What Shepard has reminded me is of how important it is to set goals. It's the goal setting and the drive to achieve that goal that leads in many ways to Shepard's success. There is not a lot of stumbling around feeling sorry for himself or feeling angry that no one has handed him a better life. He's going to make the better life for himself. And he does.

On the whole, Shepard's book, to me, seems a keen rebuttal to Ehrenreich's book, which I found too simplistic in its proposed solutions and a bit ridiculous in some of its complaints. A higher "living" minimum wage (I know this from experience, having been one of those employees who got to experience a raise in minimum wage and thus a raise in my wage) is not really the full solution that some want it to be (higher wages means higher prices, which often puts people at the minimum back where they started). Not having time to make a real meal between multiple job is a problem, but with prebaked bread and with peanut butter and the like, one can make do without resorting to eating out, and being so tired one doesn't feel like cooking is just part of working two jobs. Likewise, having to compete against other employees for management jobs with higher wages is simply how things work. Shepard's solutions, in his closing, seem a bit more practical, which are largely about giving people more opportunities.

But of course, they aren't and never could be a complete solution. There's a certain amount of luck involved with any move away from poverty. The thing that gets me a bit about the book is the way that Shepard's project--and all these projects really--and some of his writing seem a bit condescending. We who are better off descend among those who aren't and show what's wrong with the poor or with the system created to help the poor. If Ehrenreich or London, we live by our higher expectations and get angry that, when living in these poorer conditions, we no longer are able to sustain those qualities of life. If Shepard, we think more positively about our personal ability to surmount the obstacles to a better life amid our surroundings, but we talk of how even though a person isn't special he or she can still make a difference. I cringed when he handed such a note to a bus driver. Who's to say the bus driver isn't special? Some have jobs that come with more fame or power or prestige, but that doesn't make the people who hold them any more special. In the end, we're all just people.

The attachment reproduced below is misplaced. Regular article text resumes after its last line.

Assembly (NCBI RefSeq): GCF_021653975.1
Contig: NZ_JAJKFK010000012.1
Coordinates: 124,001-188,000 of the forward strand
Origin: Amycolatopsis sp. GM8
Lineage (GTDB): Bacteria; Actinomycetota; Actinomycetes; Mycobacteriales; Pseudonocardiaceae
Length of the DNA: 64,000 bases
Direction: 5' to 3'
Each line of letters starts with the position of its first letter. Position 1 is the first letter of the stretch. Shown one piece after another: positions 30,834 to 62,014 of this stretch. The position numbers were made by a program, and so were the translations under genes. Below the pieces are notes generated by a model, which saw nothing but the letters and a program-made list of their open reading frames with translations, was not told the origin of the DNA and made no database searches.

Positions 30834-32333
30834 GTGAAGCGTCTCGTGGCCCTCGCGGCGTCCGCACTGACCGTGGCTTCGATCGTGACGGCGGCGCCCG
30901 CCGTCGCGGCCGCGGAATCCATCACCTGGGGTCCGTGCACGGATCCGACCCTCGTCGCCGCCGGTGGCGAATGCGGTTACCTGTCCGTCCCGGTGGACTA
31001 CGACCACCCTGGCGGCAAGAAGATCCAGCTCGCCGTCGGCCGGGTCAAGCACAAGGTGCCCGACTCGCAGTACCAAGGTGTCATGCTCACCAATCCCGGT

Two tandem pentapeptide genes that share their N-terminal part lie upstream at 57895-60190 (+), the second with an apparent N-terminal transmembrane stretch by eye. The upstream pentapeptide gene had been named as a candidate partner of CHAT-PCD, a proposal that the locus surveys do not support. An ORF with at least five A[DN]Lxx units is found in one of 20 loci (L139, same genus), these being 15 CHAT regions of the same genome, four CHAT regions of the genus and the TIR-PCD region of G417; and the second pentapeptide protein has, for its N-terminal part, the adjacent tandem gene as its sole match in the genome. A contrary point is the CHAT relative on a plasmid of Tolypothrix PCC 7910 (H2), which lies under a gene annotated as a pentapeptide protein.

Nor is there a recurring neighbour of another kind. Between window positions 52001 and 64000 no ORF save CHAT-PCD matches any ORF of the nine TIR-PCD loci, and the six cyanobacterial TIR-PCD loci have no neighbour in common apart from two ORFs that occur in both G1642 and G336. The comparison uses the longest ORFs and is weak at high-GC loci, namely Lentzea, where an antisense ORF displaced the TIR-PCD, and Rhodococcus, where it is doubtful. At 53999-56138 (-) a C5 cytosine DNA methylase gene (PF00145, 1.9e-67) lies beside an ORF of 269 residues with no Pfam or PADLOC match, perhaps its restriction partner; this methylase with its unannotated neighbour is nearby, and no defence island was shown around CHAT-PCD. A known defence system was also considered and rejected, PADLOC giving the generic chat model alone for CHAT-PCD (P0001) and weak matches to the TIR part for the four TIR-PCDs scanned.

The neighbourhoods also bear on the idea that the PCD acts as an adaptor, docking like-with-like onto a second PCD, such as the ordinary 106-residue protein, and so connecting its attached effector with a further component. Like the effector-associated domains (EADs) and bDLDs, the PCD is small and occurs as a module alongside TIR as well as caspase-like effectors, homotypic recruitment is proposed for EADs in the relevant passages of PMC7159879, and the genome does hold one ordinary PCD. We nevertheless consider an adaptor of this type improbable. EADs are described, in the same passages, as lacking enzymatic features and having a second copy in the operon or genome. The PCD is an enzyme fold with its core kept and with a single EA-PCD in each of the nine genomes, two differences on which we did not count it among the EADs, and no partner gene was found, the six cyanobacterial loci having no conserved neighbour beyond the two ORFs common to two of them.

I'm also a little curious as to how Shepard's project would work now, amid the more dire economic conditions, when a lot of those days jobs--often in construction--he worked early on no longer exist. Could one still wander out of a homeless shelter to a day-labor employer virtually every day of the week? Is the system that worked so well for Shepard now broken? Shepard himself sees some of the troubles in trying to extend his experience to all: Guatemalans have fewer opportunities in their own poorer country than we do in our rich one; parents with two children to support or an old man with chronic back problems can't be as flexible about working and living conditions and saving as a young single guy. But Shepard's point is also well taken--that attitude, planning, and drive can make a whole lot of difference no matter what the situation. Maintaining that attitude and drive, for many beaten down by circumstance, however, can be an issue. And when those good traits aren't taught early on or aren't maintained amid overwhelming trouble, circumstances then often become a self-fulfilling spiral.